|Department of Public Information • News and Media Division • New York|
‘KNOWLEDGE IS THE FUEL FOR PROGRESS’, SAYS SECRETARY-GENERAL
AT FIRST ‘UN BOOK DAYS’ EVENT
Following are UN Secretary-General Ban Ki-moon’s remarks at the United Nations Book Days event in New York, 9 October:
Thank you all for coming. And thanks, especially, to the Department of Public Information for organizing this wonderful event.
I warmly welcome our friends from the academic community. Teachers, students and librarians can really benefit from these resources.
The United Nations exists to help the peoples of the world. We get vaccines to children, we deploy peacekeepers to trouble spots, we provide shelter for refugees and we feed the hungry. But behind each one of these life-saving acts is a great deal of thought and research.
As a knowledge-based organization, we know that knowledge is the fuel for progress. This exhibit shows how the United Nations is sharing knowledge with our partners so that we can generate even greater understanding and cooperation.
Books are a major part of this effort. But electronic resources are becoming more and more important. I am especially glad that today we are also putting all of the United Nations Yearbooks online. This is a tremendous step forward. United Nations Yearbooks document all major events, with information and analysis on virtually every United Nations resolution and decision.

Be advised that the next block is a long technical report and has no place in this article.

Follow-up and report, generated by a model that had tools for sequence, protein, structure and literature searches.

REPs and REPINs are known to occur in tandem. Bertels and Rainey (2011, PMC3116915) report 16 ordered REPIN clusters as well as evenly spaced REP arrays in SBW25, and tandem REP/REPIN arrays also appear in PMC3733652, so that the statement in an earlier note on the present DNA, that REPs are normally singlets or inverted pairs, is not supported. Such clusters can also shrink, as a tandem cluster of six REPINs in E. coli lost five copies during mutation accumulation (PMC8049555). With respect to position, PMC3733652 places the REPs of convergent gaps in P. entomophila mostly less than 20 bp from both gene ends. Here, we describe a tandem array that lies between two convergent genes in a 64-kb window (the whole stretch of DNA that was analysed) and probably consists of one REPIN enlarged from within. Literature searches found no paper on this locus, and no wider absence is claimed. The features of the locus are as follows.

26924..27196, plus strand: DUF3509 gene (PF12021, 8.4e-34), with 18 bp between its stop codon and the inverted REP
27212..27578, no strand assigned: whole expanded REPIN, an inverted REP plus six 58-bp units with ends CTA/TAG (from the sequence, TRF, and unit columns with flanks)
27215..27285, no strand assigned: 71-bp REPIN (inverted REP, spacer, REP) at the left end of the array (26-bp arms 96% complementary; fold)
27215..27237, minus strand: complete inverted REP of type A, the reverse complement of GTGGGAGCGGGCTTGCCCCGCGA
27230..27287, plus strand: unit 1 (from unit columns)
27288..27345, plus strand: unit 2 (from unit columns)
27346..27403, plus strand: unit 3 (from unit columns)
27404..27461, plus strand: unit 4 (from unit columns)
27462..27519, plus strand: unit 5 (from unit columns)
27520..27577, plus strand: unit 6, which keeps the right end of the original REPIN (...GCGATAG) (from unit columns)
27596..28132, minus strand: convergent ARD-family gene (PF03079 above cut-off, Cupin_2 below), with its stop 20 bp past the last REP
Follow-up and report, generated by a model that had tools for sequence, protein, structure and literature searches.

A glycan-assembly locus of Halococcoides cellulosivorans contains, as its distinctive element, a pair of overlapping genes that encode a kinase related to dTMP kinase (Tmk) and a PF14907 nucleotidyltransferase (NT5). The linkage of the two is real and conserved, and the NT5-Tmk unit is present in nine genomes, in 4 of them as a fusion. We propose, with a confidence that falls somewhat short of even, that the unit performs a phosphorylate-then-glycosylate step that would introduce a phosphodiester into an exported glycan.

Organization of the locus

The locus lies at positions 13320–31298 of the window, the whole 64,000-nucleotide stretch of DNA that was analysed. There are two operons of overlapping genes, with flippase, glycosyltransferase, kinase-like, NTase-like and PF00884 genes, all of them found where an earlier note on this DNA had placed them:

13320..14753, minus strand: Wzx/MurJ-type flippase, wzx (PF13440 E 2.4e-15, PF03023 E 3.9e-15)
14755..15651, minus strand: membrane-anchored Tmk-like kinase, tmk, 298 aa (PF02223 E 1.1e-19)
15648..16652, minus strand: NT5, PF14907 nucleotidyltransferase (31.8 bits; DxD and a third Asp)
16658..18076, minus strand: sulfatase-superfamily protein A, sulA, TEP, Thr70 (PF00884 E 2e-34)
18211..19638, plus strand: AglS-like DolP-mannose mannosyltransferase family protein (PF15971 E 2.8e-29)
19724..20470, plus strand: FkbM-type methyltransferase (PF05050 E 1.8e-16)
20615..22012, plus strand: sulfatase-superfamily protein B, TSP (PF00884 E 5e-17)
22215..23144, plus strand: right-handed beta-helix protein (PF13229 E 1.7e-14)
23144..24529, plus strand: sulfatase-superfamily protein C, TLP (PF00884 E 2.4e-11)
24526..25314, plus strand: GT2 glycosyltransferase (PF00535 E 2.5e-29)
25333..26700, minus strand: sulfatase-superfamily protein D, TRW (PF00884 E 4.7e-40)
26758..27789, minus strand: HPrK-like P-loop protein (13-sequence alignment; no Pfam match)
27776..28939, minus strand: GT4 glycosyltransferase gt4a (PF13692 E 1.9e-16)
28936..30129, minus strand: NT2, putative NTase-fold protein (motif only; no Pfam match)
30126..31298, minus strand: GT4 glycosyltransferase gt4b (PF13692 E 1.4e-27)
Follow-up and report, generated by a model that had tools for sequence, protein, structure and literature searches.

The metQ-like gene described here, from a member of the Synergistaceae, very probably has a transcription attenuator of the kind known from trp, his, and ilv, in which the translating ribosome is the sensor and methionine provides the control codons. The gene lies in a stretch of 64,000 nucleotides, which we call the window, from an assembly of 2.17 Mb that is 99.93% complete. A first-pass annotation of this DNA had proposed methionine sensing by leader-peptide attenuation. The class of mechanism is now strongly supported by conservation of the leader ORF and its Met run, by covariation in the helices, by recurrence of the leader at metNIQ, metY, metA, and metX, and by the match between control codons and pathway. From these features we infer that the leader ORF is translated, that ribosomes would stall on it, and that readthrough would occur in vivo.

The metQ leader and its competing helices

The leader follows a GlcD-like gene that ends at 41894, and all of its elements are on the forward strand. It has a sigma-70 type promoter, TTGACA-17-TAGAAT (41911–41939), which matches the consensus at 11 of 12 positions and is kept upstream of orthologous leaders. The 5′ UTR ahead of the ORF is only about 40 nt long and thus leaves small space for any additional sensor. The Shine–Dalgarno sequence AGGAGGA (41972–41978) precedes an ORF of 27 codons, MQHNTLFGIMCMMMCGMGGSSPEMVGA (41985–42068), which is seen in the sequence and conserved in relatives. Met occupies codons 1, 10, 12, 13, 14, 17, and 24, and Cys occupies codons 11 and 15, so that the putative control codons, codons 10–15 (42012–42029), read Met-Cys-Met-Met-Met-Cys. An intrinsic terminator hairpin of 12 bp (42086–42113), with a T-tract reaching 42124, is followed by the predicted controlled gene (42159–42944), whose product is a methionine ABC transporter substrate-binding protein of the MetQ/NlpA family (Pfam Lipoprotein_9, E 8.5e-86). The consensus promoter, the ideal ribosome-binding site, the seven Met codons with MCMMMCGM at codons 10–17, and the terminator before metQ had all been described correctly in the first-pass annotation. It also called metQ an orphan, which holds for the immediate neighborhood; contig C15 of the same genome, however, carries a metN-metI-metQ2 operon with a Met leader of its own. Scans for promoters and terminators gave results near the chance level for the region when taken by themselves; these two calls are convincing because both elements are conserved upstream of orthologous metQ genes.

I have a full set of the Yearbooks in my office. If you come to my office, I can show you. They go from 1946 to 2006. And I’ll always treasure them. But I will definitely be using this new online version. With just a few clicks, anyone can search through this comprehensive historical record.
I hope that United Nations Book Days will raise awareness about all our information resources so that researchers working to address pressing global problems will have the materials they need to succeed.
That way, this great body of knowledge can be used in the service of all humanity.
* *** *For information media • not an official record